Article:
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The Woman in the Shaman’s Body

The Woman in the Shaman’s Body
by Barbara Tedlock, Ph.D
Bantam, 2005

As we explore Barbara Tedlock’s fascinating book, I hope to refine and enlarge our understanding of shamans and shamanism. Throughout my review of this book, I was reminded of the late Ruth-Inge Heinz’s admonition that some (or even many) workshops on shamanism do not a shaman make.[1]

My dear friend Ruth frequently spoke about Ruth-Inge, her teacher at Saybrook Graduate School and a noted scholar of shamanism.

“Ruth-Inge was a very large woman and a former actress. She didn’t just say, ‘You are not a shaman.’ She bellowed it at the top of her lungs! She used to say that constantly at residentials, in seminars, during table talk at meals, etc. The last residentials at which I remember spending a lot of time with her or attending her workshops were in June and October of 1996.”[2]

“You are not a shaman!” and Ruth-Inge’s context for that statement echoed in my mind as I read The Woman in the Shaman’s Body.

Tedlock’s book is a rare one on the subject: the best of written research combined with personal experience. The author seamlessly weaves extensive anthropological research with stories about her childhood with her herbalist Ojibwe grandmother in Saskatchewan. Anthropologist Tedlock studied in Guatemala and, through a series of remarkable events, was initiated by a traditional shaman there. It is this unique combination of experiences that gives the author her authoritative voice about women shamans.

So what is a shaman? Tedlock offers a fine definition: “Shamanism consists of both a healing practice and a religious sensibility, with startling similarities between shamanistic ideas and activities in cultures as far apart as Siberia, the Amazon basin, Southeast Asia, and Nepal.” (p. 27)

Shamanism and shaman are words that have been bandied about in our alternative spiritual circles, particularly in the last couple of decades. I first started hearing about neoshamanism in the 90s, when a woman in my circle told me about another woman in a nearby town who did soul retrievals. The theory behind a soul retrieval is that when an individual experiences trauma, parts of her soul fly away (psychology would call this disassociation). The job of the “shaman” is to find and bring back those parts of the soul so that the individual can be more integrated. I became fascinated with this and indeed went to the shamanistic practitioner twice and launched into study of shamanism, starting with what I will call Harner-style shamanism.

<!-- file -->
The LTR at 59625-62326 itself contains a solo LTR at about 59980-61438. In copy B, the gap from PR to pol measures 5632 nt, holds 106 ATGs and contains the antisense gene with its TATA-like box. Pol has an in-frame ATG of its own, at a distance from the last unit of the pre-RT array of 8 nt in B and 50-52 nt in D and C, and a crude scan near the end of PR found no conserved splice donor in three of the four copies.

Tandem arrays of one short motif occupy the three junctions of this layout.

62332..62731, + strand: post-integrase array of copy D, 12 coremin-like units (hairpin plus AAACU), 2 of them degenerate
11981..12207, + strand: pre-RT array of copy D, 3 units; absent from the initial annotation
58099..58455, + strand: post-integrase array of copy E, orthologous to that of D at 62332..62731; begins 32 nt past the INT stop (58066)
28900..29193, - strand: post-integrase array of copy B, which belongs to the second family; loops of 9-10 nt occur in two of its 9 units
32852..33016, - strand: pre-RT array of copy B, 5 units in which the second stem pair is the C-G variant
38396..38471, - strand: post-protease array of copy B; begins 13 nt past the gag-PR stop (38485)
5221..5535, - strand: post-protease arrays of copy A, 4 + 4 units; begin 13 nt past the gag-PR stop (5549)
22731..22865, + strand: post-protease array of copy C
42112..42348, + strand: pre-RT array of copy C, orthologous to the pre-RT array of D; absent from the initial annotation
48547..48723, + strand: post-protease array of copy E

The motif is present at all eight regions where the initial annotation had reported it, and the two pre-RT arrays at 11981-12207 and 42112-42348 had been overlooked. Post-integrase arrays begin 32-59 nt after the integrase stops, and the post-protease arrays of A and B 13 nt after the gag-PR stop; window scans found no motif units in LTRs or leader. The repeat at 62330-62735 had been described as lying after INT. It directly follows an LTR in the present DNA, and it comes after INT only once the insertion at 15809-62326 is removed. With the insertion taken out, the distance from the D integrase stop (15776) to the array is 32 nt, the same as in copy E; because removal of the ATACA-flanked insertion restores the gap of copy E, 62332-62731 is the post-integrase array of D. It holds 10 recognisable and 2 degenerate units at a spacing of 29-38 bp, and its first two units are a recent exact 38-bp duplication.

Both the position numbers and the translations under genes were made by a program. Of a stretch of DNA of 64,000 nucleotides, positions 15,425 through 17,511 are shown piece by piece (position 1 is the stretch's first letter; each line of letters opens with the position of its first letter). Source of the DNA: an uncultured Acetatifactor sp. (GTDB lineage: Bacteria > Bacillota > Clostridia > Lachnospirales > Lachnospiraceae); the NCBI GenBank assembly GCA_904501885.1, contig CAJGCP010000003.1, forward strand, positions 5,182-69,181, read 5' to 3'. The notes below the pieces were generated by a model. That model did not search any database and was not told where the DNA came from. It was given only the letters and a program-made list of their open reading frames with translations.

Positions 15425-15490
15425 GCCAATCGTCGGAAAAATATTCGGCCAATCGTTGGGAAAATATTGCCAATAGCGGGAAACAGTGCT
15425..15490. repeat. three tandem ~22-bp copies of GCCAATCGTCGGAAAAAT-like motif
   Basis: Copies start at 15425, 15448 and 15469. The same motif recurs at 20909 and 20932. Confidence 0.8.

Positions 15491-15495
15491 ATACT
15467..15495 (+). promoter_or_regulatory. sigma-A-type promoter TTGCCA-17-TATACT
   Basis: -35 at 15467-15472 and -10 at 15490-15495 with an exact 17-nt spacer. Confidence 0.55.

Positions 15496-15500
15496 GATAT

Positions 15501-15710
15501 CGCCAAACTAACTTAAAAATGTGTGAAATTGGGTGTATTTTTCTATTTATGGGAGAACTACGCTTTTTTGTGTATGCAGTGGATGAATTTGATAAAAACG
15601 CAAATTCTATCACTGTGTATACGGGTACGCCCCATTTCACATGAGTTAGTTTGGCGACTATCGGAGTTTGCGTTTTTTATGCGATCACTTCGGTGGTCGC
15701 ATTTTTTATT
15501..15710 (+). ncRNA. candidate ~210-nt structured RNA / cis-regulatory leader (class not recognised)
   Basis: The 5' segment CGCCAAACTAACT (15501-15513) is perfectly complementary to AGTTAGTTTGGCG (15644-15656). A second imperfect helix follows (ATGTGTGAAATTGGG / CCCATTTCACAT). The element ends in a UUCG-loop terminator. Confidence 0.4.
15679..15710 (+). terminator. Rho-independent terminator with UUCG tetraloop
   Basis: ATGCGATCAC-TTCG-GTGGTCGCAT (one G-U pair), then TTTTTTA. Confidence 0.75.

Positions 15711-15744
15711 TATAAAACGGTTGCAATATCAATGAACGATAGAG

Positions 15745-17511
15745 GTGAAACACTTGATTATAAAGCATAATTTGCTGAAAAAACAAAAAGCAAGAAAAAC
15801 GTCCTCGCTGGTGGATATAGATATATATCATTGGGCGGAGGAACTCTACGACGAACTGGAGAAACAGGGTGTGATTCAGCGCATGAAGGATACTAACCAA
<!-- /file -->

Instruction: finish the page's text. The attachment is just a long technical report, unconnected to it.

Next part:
Michael Harner is an anthropologist who discovered that various shamanic cultures shared what he calls a “core shamanism” — similarities in techniques for attaining altered states of consciousness. These techniques emphasize drumming and “soul flight,” or journeying into the spirit world on behalf of clients. Harner created The Foundation for Shamanic Studies,[3] which “sponsors basic research and assists indigenous people in their attempts to recover lost shamanic traditions. It also carries out an experiential training program in which it teaches members of Western Societies shamanic techniques.” (p. 271)

I wish Tedlock had said more about shamanic techniques, because despite the great good that the Harner foundation has done, Harner-style shamanism has been soundly criticized for co-opting techniques and using them without supporting cultural foundations or a traditional relationship to the participants’ ecosystem. Because people in our alternative communities are most likely to associate shamanism with Harner-trained individuals, exploring traditional roles is helpful, particularly if we want to determine where women come into the picture.

Barbara Tedlock makes this important distinction:

Despite the seemingly universal nature of shamanism, different cultures and individuals have elaborated distinctive forms of shamanic practice. Shamanism as a practice, however, has rarely become a formal social institution. Almost everywhere, shamanism was in the past and still is today a set of local activities and perspectives, rather than an ethnic or national institution. Thus, it is best to think in terms of shamanic activities and perspectives rather than about “shamanism” as an ideology or institution. (p. 20)

Other writers I admire add to this perspective. In his gorgeous book, The Spell of the Sensuous, David Abram states that, “The most learned and powerful shaman will be the one who has first learned from the land itself.” (p. 116) [4]